- Further Afield - for those with a sense of adventure and bravity, head north into Hesketh Bank and see how the other half live (though which half that is remains open to debate). Whereas bullet-proof vests should suffice during daylight, full body armour is compulsory during the hours of darkness. Becconsall would appear to be a 1-foot gap between Tarleton and Hesketh Bank. But, to be honest, nobody knows; nobody cares. Sollom, a short distance heading south from the village along Liverpool Road, is well worth visiting to see the casino, port and harbour, five-storey shopping mall, multiscreen cinema and leisure complex, international airport and heliport, 24-hour bars clubs and restaurants, theme park, Olympic-size sports arena and swimming pool, concert venue and multinational business and banking centre - all of which are easily accessible via Sollom's own six-lane super-highway.
People of Interest
Collectively, there are the Fettlers - native members of the local populace; easily identified by their 'nebber' cloth caps, bicycle clips, unintelligable gibberish and of whom anything of 'interest' cannot be found.
As for individuals, nobody famous ever came from Tarleton, apart from Dr Brian Iddon, MP, and - whilst eventually returning to his Lancashire roots - when he was a lad, he accidentally saw an atlas of Britain, happened to see that land extended beyond the boundaries of Tarleton, and beggared off to Hull as soon as he possibly could. And no one famous ever went to Tarleton, unless you include permatanned, one-time local M.P., general washed-up has-been, megalomaniac and complete-and-utter wanker Robert Kilroy-Silk. And it's doubtful he went there more than once other than to round up prospective brainwashed voters. The mayor of Tarleton is gardener and agricultural worker Mike 'Digger' Dignam.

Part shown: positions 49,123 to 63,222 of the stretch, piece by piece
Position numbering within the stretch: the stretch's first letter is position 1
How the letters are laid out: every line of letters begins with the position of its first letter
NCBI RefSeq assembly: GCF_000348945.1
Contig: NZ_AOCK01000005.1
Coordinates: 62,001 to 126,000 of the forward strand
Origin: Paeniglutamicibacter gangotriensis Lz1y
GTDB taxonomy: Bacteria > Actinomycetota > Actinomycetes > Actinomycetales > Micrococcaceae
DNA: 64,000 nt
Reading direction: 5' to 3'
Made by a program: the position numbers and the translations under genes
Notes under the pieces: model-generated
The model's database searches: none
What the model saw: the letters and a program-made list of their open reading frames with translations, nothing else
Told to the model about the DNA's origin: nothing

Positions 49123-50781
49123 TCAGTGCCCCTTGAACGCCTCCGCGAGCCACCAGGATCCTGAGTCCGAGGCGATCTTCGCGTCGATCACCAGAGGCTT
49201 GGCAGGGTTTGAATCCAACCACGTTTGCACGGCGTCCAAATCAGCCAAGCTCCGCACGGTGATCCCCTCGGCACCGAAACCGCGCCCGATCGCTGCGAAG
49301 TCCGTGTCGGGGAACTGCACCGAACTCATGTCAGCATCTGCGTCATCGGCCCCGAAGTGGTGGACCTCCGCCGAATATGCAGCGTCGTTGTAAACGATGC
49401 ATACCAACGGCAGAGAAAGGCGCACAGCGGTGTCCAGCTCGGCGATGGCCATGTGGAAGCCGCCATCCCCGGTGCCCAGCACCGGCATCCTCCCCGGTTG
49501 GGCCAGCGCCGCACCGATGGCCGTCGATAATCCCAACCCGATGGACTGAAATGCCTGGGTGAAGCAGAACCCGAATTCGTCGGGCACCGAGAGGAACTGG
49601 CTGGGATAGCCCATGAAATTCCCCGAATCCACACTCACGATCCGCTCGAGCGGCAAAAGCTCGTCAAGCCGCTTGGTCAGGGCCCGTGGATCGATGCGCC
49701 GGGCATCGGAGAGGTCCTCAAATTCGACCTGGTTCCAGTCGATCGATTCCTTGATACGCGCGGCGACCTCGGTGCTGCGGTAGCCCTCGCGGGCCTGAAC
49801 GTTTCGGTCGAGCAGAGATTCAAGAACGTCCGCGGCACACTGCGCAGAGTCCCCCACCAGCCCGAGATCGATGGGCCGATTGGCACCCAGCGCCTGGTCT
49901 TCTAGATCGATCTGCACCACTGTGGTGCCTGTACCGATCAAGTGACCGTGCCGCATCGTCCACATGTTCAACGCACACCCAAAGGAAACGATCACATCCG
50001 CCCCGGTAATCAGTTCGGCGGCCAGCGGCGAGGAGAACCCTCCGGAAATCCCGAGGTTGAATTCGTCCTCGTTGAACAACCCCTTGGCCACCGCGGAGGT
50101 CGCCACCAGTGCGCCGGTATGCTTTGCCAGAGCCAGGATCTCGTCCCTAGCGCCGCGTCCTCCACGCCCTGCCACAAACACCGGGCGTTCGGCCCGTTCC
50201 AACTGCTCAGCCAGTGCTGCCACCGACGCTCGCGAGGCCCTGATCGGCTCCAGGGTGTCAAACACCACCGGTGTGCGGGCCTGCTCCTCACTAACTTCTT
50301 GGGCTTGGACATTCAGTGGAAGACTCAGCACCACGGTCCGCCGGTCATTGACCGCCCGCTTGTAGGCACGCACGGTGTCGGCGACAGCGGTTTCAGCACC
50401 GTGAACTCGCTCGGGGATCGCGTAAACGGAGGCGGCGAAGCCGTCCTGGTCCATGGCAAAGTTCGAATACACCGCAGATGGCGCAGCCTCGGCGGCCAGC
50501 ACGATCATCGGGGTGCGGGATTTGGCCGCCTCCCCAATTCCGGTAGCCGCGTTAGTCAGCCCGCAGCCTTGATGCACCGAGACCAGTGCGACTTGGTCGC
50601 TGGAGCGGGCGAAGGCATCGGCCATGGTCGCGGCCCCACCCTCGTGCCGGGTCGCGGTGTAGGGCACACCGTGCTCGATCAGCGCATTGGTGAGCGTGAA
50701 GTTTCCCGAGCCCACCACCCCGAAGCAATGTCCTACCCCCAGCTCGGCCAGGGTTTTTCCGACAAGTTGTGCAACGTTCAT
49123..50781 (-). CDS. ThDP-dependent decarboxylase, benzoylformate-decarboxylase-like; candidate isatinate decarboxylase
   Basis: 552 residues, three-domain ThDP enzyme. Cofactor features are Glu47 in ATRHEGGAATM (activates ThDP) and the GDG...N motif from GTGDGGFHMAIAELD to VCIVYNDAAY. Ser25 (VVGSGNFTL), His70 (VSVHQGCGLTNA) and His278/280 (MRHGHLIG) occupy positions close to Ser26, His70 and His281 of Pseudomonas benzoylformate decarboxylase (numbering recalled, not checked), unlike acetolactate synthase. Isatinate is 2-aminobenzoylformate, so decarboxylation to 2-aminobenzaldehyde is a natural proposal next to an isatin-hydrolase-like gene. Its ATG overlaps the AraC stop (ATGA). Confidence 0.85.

Well-known football managing failure Gary Ablett also lives in one of the 70,000,000 houses built in the last few years. While his epic-ly crap attempts to save Stockport County FC from relegation are well-known to many across the country, it is little known that he remains the only player to win the FA Cup with both Liverpool FC and Everton (true), and that he invented the vacuum cleaner (debatable).
- Pronunciation - preparation for conversing with the authentic Fettlers can be more-easily achieved by pre-reading the dialogue from any novels written before the 19th century (i.e. where "you" becomes "thee" or "thou", '"yours" becomes "thine", "hello" becomes "awreet ma mert - owt fresh?"). Lessons in pronunciation can be gleaned from watching an episode or two of 'Coronation Street' (but no more than that, as an overly-Mancunian twang will make the Fettlers nervous). If you find yourself struggling, just say "aye" or "nay" as appropriate. Also see Lanky Twang for further useful guidance.
- Some Common Phrases -
"Chip pon" = recepticle used for frying sliced potatoes. Hence, 'Attention all responding firefighting units. The reported fire occurred in a domicilliary kitchen and is now under control. You may return to base.' can be translated to, "Stop. Chip pon."
"Not threy bad" = a side-splittingly hilarious (at least, the locals seem to think so) variation on the answer 'not too bad' on being asked how one is feeling today.
"Kee-uh-reh" = southern Asian food.